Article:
Butterflies and Moths of North America

collecting and sharing data about Lepidoptera

Ailanthus silkmoth
Samia cynthia (Drury, 1773)

Family: Saturniidae
Subfamily: Saturniinae
Identification: Wings are olive brown to brown with wide pinkish median bands. Each wing has a large crescent-shaped transparent spot edged with gold.
Wing Span: 4 1/8 - 5 1/2 inches (10.5 - 14 cm).
Life History: Adults fly during the day. In the evening, females lay eggs on the host plant in rows of 10-20. The eggs hatch in 2-3 weeks and the young caterpillars feed in tight groups. Older caterpillars are solitary feeders. The grayish cocoons are attached to the main petiole of a leaf, and may drop to the ground if the main petiole falls off in autumn.
Flight: One brood from June-July.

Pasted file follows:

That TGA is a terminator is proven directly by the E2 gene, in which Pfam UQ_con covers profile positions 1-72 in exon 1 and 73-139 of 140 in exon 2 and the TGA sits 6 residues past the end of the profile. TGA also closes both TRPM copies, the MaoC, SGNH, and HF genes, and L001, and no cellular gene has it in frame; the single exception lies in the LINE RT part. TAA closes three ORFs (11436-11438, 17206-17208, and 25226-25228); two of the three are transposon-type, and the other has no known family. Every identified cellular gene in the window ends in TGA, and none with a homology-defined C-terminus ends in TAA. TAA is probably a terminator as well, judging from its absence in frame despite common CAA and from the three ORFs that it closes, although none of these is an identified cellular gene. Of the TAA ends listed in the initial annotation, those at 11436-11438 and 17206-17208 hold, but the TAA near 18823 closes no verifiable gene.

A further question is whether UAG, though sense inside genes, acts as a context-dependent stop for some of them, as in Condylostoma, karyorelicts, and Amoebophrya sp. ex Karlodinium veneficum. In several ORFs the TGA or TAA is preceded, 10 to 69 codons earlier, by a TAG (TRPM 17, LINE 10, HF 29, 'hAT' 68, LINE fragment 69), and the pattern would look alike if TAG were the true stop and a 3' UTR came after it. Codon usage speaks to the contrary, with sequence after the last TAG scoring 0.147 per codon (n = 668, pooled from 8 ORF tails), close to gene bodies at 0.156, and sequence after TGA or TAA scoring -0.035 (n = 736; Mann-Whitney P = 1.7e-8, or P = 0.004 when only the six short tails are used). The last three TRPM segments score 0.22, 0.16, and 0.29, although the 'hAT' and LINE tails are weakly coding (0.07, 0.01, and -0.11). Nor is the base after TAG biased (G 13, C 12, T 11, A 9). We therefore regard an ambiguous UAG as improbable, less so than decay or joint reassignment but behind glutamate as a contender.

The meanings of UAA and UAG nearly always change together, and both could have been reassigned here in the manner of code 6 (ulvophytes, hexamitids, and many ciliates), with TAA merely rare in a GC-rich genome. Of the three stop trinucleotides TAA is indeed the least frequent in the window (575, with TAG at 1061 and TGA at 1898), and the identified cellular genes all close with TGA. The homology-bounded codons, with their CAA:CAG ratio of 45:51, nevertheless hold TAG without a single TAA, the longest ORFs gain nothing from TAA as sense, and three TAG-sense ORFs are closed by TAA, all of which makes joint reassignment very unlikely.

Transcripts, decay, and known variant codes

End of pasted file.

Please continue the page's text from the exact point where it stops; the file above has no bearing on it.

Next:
Caterpillar Hosts: The introduced Chinese tree-of-heaven (Ailanthus altissima).
Adult Food: Adults do not feed.
Habitat: Cities and suburbs where Ailanthus grows.
Range: The Ailanthus silkmoth was introduced from China in the late 1800s in an attempt to establish a silk industry in the eastern United States. Its current distribution is spotty along the Atlantic coast from Connecticut to Georgia and west to northern Kentucky.
Conservation: Not usually required.
NCGR: TX - Presumed extinct.
Management Needs: None reported.
Comments: NULL
Get your BAMONA Gear!

Hoodies and t-shirts in two designs!

Advertise with us!

Do you have a product or service that you think would interest BAMONA users? If you would like to advertise on this website, contact us by email, or use the contact form and select the "Advertising" category.